Rental Income rules for security deposits
Each state has slightly different rules regarding deposits collected when a new tenant moves in. Deposit can be collected for utilities, cleaning, damages, last month rent and some other purposes. Deposits can be refundable or nonrefundable in some cases. The rules will vary from state to state.
A deposit is a liability. In other words this is money that you may have to return at some future date. Because of this many states have enacted rules regarding what can and cannot be done with these funds. In Washington State, these funds must be deposited in a separate bank account and that information disclosed to your tenant. These funds must be held in trust.
Federal Income tax rules applying to deposits
For tax purposes it is important to know the purpose of any deposit. Money that is being held in trust to pay for any future damages or refundable cleaning must be returned within a certain number of days unless written notice is provided as to why any amount has been withheld. This money is not considered income at the time it is received for tax purposes.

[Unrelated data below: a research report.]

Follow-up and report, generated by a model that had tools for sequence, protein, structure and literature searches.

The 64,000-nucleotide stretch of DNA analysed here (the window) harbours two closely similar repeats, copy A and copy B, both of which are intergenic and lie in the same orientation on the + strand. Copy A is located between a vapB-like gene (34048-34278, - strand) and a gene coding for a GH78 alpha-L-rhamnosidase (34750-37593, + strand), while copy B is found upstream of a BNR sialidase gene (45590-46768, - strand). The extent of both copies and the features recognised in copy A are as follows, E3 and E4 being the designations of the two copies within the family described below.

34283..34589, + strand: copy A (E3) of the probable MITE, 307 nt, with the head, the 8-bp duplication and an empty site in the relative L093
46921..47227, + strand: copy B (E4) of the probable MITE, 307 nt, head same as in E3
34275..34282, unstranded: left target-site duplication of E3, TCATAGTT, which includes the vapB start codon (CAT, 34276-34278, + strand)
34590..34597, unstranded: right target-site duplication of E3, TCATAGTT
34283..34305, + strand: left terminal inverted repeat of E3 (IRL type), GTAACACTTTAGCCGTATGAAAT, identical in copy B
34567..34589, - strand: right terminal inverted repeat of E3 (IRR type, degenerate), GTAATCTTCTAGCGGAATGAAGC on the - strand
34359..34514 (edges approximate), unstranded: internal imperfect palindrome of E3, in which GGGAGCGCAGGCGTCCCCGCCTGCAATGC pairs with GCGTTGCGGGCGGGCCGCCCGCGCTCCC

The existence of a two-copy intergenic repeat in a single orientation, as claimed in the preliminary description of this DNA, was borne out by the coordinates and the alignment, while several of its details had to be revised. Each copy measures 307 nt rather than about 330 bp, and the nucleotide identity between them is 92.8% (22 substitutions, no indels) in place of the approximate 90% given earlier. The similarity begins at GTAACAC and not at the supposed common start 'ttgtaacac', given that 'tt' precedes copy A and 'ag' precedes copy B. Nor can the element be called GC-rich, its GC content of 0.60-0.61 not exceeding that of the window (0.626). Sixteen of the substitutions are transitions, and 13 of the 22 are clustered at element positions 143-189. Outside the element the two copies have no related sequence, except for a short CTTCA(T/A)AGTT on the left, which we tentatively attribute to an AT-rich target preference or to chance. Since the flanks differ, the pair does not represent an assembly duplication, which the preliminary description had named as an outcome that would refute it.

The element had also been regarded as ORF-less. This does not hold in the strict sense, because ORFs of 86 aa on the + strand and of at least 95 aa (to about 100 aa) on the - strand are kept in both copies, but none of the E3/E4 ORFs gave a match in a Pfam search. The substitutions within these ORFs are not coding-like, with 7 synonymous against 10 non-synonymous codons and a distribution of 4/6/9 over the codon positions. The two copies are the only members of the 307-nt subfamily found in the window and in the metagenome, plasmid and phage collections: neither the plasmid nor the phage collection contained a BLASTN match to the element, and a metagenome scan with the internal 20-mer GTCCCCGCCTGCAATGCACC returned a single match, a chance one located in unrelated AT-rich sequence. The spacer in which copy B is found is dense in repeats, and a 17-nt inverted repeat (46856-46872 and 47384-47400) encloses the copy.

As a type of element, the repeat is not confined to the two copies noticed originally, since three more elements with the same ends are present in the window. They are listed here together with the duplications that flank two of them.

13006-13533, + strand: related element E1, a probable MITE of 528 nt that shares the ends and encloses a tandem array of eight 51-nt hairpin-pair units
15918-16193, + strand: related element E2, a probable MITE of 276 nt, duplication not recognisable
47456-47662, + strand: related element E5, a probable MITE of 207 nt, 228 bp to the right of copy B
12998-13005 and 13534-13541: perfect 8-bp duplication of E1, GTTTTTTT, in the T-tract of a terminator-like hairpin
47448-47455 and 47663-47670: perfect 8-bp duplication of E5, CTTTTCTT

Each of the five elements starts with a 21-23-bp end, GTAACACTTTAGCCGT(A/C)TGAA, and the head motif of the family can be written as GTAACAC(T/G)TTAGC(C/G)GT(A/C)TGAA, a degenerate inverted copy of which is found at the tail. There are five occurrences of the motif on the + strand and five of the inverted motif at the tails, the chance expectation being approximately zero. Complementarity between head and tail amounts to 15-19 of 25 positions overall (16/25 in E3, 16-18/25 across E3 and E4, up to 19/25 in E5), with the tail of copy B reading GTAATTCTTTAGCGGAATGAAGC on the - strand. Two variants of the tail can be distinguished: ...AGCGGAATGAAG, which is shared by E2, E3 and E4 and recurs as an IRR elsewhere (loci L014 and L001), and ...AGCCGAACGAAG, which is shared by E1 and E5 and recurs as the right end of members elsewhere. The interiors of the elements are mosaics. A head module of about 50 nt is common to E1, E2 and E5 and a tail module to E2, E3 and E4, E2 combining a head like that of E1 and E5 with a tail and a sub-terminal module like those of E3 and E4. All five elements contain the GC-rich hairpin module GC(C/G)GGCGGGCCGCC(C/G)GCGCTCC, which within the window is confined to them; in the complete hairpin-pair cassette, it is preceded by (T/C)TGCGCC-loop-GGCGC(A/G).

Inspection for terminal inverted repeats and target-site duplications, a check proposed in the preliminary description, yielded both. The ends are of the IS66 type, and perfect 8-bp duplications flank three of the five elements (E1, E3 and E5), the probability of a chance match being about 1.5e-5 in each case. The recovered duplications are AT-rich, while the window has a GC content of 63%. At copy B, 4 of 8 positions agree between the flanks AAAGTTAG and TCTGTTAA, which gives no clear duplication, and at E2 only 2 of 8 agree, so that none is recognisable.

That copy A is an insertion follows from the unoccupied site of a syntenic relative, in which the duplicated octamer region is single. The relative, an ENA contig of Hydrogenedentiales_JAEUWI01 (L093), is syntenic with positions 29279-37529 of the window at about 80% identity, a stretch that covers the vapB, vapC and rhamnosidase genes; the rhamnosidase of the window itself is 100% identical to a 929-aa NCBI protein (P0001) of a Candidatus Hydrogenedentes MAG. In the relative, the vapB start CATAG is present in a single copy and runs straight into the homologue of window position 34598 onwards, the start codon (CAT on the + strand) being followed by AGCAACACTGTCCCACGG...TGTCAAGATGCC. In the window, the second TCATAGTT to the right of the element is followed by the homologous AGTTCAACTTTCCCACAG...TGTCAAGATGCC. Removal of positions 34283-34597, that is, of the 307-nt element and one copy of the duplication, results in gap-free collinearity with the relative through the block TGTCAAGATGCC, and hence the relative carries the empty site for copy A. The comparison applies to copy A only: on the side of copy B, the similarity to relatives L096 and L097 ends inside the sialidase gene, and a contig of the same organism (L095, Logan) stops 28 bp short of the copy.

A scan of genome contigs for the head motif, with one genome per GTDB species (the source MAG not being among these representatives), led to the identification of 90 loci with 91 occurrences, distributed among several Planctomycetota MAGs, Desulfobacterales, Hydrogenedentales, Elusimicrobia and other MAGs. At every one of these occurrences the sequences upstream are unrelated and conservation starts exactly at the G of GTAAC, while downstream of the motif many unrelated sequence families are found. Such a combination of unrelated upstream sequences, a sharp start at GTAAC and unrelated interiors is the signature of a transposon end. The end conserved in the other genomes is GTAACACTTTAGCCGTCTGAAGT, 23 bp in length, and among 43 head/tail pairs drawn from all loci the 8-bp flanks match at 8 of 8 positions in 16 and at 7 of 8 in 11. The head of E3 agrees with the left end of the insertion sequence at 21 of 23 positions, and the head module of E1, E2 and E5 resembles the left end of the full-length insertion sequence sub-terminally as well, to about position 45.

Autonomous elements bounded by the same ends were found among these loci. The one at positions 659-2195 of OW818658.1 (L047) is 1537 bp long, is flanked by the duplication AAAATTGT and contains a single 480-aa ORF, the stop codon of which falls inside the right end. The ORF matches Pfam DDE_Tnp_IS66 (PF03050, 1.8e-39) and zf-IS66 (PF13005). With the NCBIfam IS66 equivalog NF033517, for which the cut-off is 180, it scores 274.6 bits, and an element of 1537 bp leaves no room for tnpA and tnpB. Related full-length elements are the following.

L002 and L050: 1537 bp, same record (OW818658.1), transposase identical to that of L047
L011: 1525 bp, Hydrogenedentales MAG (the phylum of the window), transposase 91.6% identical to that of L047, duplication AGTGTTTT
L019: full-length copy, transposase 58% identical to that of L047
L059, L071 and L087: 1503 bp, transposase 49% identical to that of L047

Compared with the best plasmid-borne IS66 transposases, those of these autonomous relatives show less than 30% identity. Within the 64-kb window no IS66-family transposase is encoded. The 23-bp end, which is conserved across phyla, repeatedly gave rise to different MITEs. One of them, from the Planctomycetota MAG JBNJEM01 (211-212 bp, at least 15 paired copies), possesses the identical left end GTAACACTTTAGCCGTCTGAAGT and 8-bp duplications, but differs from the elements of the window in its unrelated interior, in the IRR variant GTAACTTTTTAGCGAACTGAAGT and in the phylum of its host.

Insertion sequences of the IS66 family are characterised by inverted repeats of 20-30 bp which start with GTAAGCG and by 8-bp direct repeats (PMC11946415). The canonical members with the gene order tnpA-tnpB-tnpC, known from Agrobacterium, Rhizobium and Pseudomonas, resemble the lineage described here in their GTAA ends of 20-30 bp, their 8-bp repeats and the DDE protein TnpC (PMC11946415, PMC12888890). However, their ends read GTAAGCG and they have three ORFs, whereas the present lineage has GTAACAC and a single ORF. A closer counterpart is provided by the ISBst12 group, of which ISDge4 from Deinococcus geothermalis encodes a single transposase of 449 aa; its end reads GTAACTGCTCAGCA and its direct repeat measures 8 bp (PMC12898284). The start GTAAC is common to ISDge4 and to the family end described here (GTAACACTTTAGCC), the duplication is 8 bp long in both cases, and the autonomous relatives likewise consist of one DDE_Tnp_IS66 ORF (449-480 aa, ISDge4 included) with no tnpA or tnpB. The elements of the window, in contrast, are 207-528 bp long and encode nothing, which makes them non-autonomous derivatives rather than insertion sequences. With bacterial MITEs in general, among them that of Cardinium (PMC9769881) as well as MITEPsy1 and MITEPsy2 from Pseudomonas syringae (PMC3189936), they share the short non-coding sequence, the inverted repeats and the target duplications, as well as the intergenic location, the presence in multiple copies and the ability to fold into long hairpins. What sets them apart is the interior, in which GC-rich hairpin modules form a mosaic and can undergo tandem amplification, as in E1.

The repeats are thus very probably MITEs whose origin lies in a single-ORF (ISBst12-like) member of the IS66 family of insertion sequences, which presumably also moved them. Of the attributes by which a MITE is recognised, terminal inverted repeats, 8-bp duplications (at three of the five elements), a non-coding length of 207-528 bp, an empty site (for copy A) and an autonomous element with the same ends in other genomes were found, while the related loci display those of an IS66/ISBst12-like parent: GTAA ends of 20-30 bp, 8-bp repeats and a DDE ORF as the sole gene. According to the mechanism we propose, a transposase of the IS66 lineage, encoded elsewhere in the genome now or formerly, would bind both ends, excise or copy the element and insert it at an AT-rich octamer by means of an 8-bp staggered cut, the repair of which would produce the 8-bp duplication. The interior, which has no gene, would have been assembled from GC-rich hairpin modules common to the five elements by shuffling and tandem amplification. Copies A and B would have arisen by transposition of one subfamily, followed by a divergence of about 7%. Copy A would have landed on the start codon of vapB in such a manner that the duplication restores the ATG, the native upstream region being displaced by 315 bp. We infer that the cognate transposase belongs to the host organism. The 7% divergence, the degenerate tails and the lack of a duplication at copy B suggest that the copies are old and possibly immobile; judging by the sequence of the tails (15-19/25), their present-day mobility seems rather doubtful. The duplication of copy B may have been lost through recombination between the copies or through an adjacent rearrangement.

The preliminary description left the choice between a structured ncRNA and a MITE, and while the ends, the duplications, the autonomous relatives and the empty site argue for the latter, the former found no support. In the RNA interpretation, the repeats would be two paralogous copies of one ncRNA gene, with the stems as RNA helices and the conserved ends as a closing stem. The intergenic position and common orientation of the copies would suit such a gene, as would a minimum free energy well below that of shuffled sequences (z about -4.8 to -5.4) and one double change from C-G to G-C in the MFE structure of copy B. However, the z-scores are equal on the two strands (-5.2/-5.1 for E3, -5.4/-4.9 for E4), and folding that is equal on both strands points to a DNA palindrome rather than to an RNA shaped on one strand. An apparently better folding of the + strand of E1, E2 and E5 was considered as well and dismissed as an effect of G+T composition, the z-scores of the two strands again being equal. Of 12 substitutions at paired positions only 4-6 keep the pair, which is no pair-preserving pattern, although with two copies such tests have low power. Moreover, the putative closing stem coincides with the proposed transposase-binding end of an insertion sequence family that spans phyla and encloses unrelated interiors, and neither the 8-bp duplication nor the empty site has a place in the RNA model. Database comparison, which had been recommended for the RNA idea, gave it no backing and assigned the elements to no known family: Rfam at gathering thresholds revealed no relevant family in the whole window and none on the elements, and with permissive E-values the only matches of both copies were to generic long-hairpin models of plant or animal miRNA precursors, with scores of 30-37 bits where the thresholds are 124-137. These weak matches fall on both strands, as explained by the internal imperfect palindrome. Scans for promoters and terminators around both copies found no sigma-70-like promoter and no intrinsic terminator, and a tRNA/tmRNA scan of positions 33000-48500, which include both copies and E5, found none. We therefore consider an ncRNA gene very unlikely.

When the tenant moves out any portion of the damage deposit not returned to the tenant is considered rental income. Of course generally this is offset by rental expenses that were listed on the written notice provided to the tenant at move out.
If a landlord collects a nonrefundable cleaning deposit or advance rent payment this is considered rental income in the year received.
State income rules generally are similar to the federal rules, but you should consult with your tax preparer.